We all remember the summer between high school ending and Uni beginning, and the feeling of waiting to find out if you’ve gotten into your dream course. Bruce Beresford’s new film, Ladies in Black, is centred around schoolgirl Lisa while she waits to find out if she’s been accepted into the University of Sydney – where Beresford himself studied. But while the feeling of anticipation might be common to all, a lot about uni life has changed.
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Today, our campus reflects our multicultural society, with a diverse international student community and an amazing range of food available to us – within a five-minute walk from campus you can find anything from Vietnamese, to Italian and Thai. But during the 50s, when Ladies in Black is set, these changes were just beginning to take place.
Ladies in Black explores the friendship between Lisa and Magda, a Slovenian immigrant who manages the high-fashion department store floor where Lisa works and who opens her eyes to the emerging international community in Sydney.
“The whole of Australia began to change”, says director Bruce Beresford. “The influx of European migrants (most of them escaping a depressed war-ruined Europe), brought a whole range of talents (and invariably delicious cuisine) that created the successful multicultural society of the Australia we live in today.”
These days, our international community continues to grow, building an incredibly diverse group of students at Sydney.
Fashion has always played a part in the University experience. Nowadays, on-campus fashion is as varied as the students, and no one is surprised by even the most outrageous of fashion choices. Ladies in Black takes us right back to the amazing frocks (dresses) of the 50s and 60s, when fashion meant couture Dior and Chanel, and incredible frocks were worn day to day.
Beresford’s film has assembled an amazing replica of a 1950s high-fashion department store, using antique pieces of cabinetry borrowed from David Jones that evoke a strong sense of times passed.
“We had photographs of what it was like in that period, and then the production designer, Felicity Abbott, built a big set, which was where most of the action takes place”, says Beresford. The result is a spot-on replica of the 1950s store, with amazing hand-made dresses that will satisfy all your vintage dreams.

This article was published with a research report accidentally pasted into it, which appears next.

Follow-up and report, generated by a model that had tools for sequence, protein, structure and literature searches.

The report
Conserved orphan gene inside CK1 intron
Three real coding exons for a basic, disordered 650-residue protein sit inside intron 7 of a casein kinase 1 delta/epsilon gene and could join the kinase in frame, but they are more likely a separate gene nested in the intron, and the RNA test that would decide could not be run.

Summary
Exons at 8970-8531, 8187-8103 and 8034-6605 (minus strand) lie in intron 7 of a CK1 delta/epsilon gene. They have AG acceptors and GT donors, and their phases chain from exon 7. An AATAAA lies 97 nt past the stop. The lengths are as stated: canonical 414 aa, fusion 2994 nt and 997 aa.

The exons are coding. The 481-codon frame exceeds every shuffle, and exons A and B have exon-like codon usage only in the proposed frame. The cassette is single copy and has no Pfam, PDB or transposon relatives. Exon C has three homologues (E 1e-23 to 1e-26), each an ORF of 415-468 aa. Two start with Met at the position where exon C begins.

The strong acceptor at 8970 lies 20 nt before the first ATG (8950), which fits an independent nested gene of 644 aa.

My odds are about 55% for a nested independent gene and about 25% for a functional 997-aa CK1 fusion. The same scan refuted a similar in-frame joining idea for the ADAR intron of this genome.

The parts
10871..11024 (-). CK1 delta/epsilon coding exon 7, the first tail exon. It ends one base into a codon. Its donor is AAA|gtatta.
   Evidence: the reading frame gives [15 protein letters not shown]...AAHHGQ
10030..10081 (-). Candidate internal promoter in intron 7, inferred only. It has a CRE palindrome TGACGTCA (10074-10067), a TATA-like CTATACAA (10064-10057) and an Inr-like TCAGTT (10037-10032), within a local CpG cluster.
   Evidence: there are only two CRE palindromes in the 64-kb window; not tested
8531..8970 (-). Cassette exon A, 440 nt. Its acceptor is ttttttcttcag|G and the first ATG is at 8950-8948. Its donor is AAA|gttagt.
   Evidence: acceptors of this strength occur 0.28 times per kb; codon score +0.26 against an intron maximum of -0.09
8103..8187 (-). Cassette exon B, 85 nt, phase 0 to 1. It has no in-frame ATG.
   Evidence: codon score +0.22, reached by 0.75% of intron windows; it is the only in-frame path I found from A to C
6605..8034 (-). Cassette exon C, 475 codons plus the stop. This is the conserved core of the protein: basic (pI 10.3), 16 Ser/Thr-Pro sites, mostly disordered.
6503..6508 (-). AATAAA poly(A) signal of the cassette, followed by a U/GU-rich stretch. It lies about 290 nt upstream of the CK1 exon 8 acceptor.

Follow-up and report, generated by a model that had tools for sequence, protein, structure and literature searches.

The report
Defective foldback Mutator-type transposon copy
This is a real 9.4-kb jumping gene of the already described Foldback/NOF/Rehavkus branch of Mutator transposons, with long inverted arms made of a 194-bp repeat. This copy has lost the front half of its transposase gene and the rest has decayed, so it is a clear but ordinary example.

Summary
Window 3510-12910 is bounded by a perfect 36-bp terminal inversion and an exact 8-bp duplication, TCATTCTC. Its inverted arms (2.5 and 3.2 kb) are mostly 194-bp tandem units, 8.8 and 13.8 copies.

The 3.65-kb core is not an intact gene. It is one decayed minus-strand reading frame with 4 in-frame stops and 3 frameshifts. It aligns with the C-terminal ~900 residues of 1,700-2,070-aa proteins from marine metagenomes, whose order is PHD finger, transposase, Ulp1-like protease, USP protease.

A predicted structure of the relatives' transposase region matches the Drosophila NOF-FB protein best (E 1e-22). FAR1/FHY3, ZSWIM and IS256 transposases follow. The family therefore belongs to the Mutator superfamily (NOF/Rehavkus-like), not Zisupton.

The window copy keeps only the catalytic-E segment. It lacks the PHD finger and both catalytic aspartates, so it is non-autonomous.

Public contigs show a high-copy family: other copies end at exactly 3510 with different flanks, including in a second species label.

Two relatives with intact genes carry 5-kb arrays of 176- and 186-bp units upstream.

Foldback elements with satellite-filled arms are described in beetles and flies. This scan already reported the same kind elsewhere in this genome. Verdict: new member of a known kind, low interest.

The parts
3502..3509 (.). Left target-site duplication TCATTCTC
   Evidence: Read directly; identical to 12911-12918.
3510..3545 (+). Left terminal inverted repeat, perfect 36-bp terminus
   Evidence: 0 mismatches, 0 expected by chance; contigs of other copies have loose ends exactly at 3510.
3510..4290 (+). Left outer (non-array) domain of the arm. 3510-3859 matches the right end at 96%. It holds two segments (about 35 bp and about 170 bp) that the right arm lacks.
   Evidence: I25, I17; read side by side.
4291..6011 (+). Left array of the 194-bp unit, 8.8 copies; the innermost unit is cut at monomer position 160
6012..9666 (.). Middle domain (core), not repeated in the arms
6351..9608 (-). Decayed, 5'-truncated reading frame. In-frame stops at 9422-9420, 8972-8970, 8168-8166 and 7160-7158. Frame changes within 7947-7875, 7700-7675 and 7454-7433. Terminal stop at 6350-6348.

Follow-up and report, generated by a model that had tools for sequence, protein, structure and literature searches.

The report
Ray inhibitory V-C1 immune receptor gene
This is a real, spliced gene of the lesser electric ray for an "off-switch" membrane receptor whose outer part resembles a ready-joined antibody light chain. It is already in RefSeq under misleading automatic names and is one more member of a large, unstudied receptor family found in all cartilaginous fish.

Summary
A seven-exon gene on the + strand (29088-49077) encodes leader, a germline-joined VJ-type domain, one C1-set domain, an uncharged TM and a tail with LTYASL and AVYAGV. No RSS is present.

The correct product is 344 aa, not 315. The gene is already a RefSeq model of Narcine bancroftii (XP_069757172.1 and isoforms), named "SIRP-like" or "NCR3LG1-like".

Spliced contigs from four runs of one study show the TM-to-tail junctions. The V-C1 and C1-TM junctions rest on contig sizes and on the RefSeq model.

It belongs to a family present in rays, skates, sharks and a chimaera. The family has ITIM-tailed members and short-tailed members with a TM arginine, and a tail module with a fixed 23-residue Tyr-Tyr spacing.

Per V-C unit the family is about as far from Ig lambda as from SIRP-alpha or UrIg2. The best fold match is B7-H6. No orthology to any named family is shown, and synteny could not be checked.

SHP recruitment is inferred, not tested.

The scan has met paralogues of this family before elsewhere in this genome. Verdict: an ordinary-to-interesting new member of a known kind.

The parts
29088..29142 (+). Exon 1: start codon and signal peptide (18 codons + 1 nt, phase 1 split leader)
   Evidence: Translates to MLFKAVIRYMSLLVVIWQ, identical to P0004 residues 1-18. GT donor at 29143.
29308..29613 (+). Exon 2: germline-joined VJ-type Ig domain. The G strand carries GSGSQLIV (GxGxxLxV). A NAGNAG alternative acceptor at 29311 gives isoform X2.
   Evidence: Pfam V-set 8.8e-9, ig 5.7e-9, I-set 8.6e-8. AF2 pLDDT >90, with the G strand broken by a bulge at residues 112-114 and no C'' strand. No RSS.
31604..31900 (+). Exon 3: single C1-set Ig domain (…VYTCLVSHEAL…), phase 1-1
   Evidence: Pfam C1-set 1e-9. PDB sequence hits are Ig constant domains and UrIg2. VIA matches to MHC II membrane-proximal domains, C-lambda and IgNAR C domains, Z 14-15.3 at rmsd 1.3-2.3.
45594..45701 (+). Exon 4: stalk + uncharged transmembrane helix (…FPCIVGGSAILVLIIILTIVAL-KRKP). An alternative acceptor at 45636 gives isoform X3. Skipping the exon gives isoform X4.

Check out the set in these behind-the-scenes shots, as well as some amazing archival images of students at the Uni in the 50s.
The University of Sydney was among the first in the world to admit female students, and these days, women make up half of our student community. But this wasn’t always the case - in the film, Lisa dreams of studying at the University but faces anger from her father who maintains that, “No daughter of mine is going to University.”
Unfortunately, this depiction of the time is far too accurate. Beresford says, “The attitude of the father in the film, where he said, you know, “It’s a waste of time, girls are just going to get married and have babies and stay home”, was a very, very common attitude”.
Now, sixty years on, women at the University of Sydney are achieving global recognition and pioneering incredible research, and the amazing female-dominated cast of Ladies in Black – from seventeen-year old Angourie Rice to Logie Hall-of-Famer Noni Hazlehurst – reflects how much attitudes have changed. You can read more about the amazing early female students at University, and the generations of women who have now become part of the fabric of University history.
Ladies in Black celebrates the power of friendship, so it’s fitting that the film is a product of the friendship between Bruce Beresford and Madeleine St John, who wrote the book on which the film is based. They studied together at the University of Sydney with a who’s who of Australian arts legends, including Clive James and John Bell. Madeleine St John passed away in 2006, and over sixty years has gone by, but Beresford says many of the friendships he made at Uni remain strong.
“When I went to Sydney University, I suddenly met a whole lot of people with interests similar to mine”, says Beresford. “There’s a lot of people interested in theatre, and film, literature, the arts, acting and all that kind of thing, and they were from all over Sydney.”
Friendships made at University often become lifelong bonds, as Beresford himself points out, “There were friendships that I made then that have endured, that I still see them to this day.” It seems that these friendships are one thing that will never change about being a student at university.